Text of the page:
Newspaper article St Louis Post-Dispatch (MO)

Highway Memorial Recalls Those Who Died in Other Ways

Newspaper article St Louis Post-Dispatch (MO)

Highway Memorial Recalls Those Who Died in Other Ways

Article excerpt

DRIVING TO work one day last week on Interstate 44, my mental list-making came to a sudden halt when I noticed a new addition to the highway landscape.

Overnight, someone had planted a 4-foot-tall wooden cross on the grassy knoll that rises from the south shoulder, near Hampton Avenue.

I didn't need a billboard to tell me what had happened there. Someone had died, probably in a car crash. The cross, decorated with a festive Christmas wreath, was an instant reminder of the fragility of life.

For years, people in Europe and Latin America have marked the sites of violent deaths with crosses, and the practice is even fairly common in America's West. On a trip to New Mexico a few years ago, I remember being awe struck by the number of such crosses along the shoulder of the back road between Santa Fe and Taos. Just last fall, on a trip to Montana, I came across an intersection that had a memorial cross on every corner.

A driver can't pass one of these shrines without involuntarily slowing down, both physically and mentally.

That's the point of these spontaneous memorials, after all. To remind us that a person who once lived and loved died at that very spot. To make us think: There but for a stroke of luck, an extra 10 minutes spent over the morning paper, a drop by the dry cleaner's, could be I. To make us mourn, if only for a few minutes, human potential derailed.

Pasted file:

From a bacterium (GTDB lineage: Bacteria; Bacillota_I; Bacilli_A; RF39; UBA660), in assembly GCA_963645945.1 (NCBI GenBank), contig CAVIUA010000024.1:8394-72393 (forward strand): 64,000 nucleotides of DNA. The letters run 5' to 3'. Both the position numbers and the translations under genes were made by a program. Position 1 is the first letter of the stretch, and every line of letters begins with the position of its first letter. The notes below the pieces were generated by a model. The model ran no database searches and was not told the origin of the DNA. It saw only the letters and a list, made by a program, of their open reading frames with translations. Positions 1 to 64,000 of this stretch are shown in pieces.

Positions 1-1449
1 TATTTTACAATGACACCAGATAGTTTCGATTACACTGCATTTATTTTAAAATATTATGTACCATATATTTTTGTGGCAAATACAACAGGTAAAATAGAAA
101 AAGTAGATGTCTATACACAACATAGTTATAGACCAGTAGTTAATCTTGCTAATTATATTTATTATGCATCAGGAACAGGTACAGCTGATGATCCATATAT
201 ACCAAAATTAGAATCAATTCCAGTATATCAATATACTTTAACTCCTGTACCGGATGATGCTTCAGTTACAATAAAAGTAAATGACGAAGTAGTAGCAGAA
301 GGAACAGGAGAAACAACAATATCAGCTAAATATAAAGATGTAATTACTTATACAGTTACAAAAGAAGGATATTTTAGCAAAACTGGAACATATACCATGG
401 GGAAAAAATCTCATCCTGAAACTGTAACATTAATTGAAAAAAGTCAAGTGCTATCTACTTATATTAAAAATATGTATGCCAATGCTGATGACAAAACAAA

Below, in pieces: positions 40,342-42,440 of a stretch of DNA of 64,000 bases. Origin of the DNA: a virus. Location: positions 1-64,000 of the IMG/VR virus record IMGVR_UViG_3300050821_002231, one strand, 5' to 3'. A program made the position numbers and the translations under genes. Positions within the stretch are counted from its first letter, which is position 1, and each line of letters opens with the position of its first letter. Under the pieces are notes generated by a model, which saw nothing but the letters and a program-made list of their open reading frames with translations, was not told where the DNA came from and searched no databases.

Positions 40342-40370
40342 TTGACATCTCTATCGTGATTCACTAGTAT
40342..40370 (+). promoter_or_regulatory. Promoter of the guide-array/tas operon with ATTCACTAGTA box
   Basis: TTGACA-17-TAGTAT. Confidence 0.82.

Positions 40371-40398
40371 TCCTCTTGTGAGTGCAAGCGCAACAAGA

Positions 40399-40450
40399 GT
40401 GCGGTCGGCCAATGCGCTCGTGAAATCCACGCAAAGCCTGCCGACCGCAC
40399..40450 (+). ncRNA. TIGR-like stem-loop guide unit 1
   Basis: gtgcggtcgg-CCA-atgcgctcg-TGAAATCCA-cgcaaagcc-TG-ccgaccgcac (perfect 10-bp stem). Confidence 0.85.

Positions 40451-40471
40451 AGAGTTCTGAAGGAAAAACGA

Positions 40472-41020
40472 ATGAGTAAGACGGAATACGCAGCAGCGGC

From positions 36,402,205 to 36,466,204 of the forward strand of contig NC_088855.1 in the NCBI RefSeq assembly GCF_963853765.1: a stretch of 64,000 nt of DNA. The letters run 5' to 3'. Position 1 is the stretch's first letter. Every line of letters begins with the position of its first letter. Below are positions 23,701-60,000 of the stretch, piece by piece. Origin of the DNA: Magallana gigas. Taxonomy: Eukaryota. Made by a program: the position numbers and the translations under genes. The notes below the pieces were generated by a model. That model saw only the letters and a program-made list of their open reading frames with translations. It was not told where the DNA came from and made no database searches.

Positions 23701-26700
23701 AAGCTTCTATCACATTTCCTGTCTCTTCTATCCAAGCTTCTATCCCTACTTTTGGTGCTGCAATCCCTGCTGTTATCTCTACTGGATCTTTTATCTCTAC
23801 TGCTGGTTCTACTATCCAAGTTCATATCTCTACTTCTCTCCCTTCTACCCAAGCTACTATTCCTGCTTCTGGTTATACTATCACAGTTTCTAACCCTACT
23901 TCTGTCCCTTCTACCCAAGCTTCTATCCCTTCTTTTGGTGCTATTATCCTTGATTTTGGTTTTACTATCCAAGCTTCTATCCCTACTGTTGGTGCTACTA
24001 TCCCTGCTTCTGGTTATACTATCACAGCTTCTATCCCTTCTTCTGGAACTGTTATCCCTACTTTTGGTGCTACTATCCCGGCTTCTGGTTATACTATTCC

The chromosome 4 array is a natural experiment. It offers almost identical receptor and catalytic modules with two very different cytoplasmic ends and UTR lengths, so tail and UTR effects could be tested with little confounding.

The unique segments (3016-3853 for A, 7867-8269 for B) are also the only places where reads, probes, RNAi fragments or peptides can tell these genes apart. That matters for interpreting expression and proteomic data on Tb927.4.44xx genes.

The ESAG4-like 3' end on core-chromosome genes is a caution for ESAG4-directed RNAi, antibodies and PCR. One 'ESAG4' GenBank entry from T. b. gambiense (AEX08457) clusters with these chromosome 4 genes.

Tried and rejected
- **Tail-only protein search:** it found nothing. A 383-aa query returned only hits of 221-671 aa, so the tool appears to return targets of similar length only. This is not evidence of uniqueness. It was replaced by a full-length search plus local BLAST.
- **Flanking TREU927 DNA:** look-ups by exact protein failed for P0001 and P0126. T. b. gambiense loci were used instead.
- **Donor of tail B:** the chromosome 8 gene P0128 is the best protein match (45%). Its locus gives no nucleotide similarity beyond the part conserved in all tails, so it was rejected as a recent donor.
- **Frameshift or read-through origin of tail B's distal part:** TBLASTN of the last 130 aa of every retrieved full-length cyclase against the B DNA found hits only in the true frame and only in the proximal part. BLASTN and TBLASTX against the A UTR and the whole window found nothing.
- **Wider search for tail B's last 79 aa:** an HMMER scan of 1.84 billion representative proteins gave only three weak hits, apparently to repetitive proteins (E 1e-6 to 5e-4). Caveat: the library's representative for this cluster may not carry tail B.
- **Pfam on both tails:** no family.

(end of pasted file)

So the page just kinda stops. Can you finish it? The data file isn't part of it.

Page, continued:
Without conscious effort, my thoughts segued back to the previous week, to a day in which I'd spent six hours interviewing 20 children about their worries. It was one of the most remarkable experiences of my reporting career.

Child after child, boys and girls, blacks and whites, city children and St. Louis County children, talked about living in fear of an early death. Almost all of them knew someone who had died violently. Some had lost fathers, uncles, cousins, friends.

"My friend Denise was killed in a drive-by shooting last year," said Lacy Miller, 17, a senior at McCluer High School and a prototypical All-American girl. "She and her boyfriend had gotten involved with a gang, and they had a confrontation. We had been really good friends, and then, obviously, our paths diverged. …

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